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Aniibiishaaboo miinawaa Makade-mshkikiwaaboo

May 16, 2016

Over the last few years, life seems to have gotten the best of me. While I have been quite busy on artistic and community-based projects, as well as teaching and raising two teenage daughters with my partner, I have been unable to collaborate on the many exceptional projects emerging from within Justseeds and created by my wonderful collective-mates.

Beginning this summer, however, I hope to once again be better at contributing to Justseeds projects. One aspect of my recent practice has revolved around the integration of Indigenous knowledges with my own contemporary arts practice. I have also been busy writing and developing co-curricular programing for the American Indian Studies program at the university where I teach and direct the Indigenous studies program.

I have been traveling a bit doing community-based collaborations and have commenced an annual urban sugar bush in the local community. I’ve been harvesting wiigwaas (birchbark) and sharing tea and coffee with elders across Turtle Island. I’ve organized workshops with Maori carvers and Anishinaabe basketmakers, among others. Moreover, I’ve been immersed in an ongoing project entitled Michif – Michin (the people, the medicine) and have been learning about earth-based medicinal practices across this beautiful aki.

If you follow me on Instagram, you may have seen some of these projects come through as pictures. At the repeated suggestion of Roger Peet (who has also been doing some exciting work in art and ecology), I hope to write monthly (or possibly even bi-weekly) blog posts about these projects. If they are boring and not of interest to you as readers, ignore them and I will let the writing fade away with the fading of the summer sun. If they are intriguing, just let me know and I will continue investing energy and time into them. I have decided to call this new column ‘Aniibiishaaboo Miinawaa Makade-mshkikiwaaboo (Tea and Coffee)’. I look forward to sharing metaphorical tea, coffee, and stories of these projects.

This summer, I will be engaged in a variety of projects that I hope to share. Each July, I harvest wiigwaas with an elder in Michigan’s upper peninsula. This month, I am conducting a workshop for Anishinaabensag Biimskowebshkigewag (Native Kids Ride Bikes) and will make two trips to Regina, Saskatchewan to work with urban Native artists who are, in turn, working with youth to build bikes that engage with Treaty Four issues. In July and August, I will be in Vancouver working with elders, knowledge-keepers, and community members in the Downtown Eastside. This project is an expanded version of Michif – Michin (the people, the medicine).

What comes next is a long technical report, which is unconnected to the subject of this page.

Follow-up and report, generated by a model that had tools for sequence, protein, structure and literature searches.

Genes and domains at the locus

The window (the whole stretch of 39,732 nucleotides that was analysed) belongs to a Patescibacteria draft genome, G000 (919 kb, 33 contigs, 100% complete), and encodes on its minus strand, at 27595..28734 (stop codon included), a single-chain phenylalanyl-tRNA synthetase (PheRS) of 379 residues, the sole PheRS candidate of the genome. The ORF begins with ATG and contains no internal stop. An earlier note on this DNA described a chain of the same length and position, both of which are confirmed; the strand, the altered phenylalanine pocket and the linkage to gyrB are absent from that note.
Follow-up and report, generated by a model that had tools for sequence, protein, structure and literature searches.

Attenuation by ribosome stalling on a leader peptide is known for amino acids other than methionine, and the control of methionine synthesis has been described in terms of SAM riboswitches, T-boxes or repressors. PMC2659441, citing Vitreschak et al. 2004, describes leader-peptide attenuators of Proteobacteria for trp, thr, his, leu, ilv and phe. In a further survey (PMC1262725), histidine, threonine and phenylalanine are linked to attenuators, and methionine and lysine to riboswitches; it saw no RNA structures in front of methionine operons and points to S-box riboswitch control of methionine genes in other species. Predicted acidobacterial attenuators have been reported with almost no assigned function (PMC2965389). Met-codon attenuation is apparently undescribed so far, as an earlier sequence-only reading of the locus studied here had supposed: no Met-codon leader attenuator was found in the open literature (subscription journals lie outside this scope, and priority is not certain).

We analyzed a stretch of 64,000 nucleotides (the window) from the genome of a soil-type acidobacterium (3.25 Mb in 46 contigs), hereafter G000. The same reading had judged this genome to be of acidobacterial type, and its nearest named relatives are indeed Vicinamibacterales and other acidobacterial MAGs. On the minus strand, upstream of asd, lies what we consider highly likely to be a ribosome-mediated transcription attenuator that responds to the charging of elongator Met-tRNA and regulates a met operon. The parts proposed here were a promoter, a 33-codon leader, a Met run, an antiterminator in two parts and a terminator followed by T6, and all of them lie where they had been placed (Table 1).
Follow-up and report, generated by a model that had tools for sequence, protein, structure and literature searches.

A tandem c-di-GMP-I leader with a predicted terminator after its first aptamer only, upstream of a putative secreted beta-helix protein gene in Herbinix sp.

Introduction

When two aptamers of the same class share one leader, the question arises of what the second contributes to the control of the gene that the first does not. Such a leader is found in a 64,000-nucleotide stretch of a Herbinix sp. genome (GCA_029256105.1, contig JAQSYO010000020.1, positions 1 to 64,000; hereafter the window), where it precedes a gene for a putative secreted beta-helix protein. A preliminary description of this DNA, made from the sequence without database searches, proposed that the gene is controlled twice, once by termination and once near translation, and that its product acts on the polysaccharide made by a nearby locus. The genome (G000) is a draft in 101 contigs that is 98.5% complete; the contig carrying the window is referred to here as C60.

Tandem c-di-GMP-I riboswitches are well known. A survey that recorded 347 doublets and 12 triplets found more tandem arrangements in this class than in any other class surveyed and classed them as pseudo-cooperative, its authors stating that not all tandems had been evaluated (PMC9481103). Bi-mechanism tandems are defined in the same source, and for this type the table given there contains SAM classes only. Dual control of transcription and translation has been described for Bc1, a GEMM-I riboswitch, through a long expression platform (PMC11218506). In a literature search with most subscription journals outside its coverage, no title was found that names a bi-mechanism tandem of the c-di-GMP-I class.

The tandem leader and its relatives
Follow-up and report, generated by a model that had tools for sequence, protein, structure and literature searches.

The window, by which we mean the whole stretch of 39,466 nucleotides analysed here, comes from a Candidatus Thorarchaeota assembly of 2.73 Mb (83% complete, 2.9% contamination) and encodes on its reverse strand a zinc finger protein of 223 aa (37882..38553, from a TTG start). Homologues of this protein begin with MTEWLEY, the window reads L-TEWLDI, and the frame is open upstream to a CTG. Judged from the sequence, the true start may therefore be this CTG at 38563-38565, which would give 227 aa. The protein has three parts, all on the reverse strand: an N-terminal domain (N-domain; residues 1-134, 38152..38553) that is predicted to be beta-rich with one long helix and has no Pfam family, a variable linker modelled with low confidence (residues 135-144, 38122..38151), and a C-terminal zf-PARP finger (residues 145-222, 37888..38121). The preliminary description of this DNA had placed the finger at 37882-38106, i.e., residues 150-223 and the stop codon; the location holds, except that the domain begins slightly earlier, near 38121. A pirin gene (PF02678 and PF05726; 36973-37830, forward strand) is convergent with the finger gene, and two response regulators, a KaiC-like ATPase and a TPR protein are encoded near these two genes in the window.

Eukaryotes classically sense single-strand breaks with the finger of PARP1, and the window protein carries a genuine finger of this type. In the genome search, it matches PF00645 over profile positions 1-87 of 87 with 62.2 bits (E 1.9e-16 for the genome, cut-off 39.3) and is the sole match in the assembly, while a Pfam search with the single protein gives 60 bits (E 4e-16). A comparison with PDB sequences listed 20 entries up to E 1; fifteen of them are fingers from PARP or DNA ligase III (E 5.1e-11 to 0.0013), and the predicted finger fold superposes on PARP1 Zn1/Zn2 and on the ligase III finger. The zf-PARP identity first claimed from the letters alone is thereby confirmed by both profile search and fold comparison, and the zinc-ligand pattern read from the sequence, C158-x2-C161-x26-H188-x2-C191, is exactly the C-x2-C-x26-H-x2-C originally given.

I will also be traveling to Chile, where I will be co-facilitating a workshop entitled ‘Body Territory and the Territory as Body: Communitarian Feminism and Indigenous Sovereignty.’ I also hope to make it to Sapmi (Sami territory in Sweden), sometime in late-summer. Through all of these travels, as well as during local projects, I hope to upload some brief blog entries and pictures. If these are interesting, please let me know and I keep writing them.


For my first post, which I will share next week, I will include images from my current exhibition at Artspace in Nogojiwanong – the place at the end of the Rapids (Peterborough, Ontario). This exhibition is called Waawaakeshiwi-wiiyaas and opened last Friday. The ongoing project, curated by Jon Lockyer, reflects upon as incident in 1906 when my grandfather’s grandfather was arrested for hunting a deer out of season on his traditional trapline. As a Wiisaakodewinini (Métis) harvester, he was practicing subsistence hunting, but nonetheless was convicted by the Canadian nation-state of poaching. For this year-long project, currently in its first-phase, I have created a series of 13 starmaps, marked in deer antlers, as well as a limited-edition screenprint of the ‘return of conviction,’ which is printed in animal blood. The project will include a small artist’ book and another exhibition next fall. Most importantly, I will return to the territory where my gichi-aanikoobijigan (grandfather’s grandfather) harvested his deer and attempt to do the same.

Anyway, thanks for sharing your time with me. Baamaa pii miinawaa.


Ecology & AnimalsEducationEnvironment & ClimateHistoryIndigenous ResistanceMigration

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6 comments on “Aniibiishaaboo miinawaa Makade-mshkikiwaaboo”

Yes! I love watching the pictures fly by on Instagram, but they are always stripped of so much context. I’m excited to get to learn about it here.

Thank you so much for this – as someone who wants to do similar work, reading abt the process is truly inspirational. peace!

I’m super stoked you’re sharing this! Can’t help but echo Josh and Shaun. It’s really inspiring to learn more of the background behind your work and You!
If you are interested in contacts in Chile, I have a friend in Valpo that recently put together an herbal gynecologicy book.
Keep in touch! And keep em coming!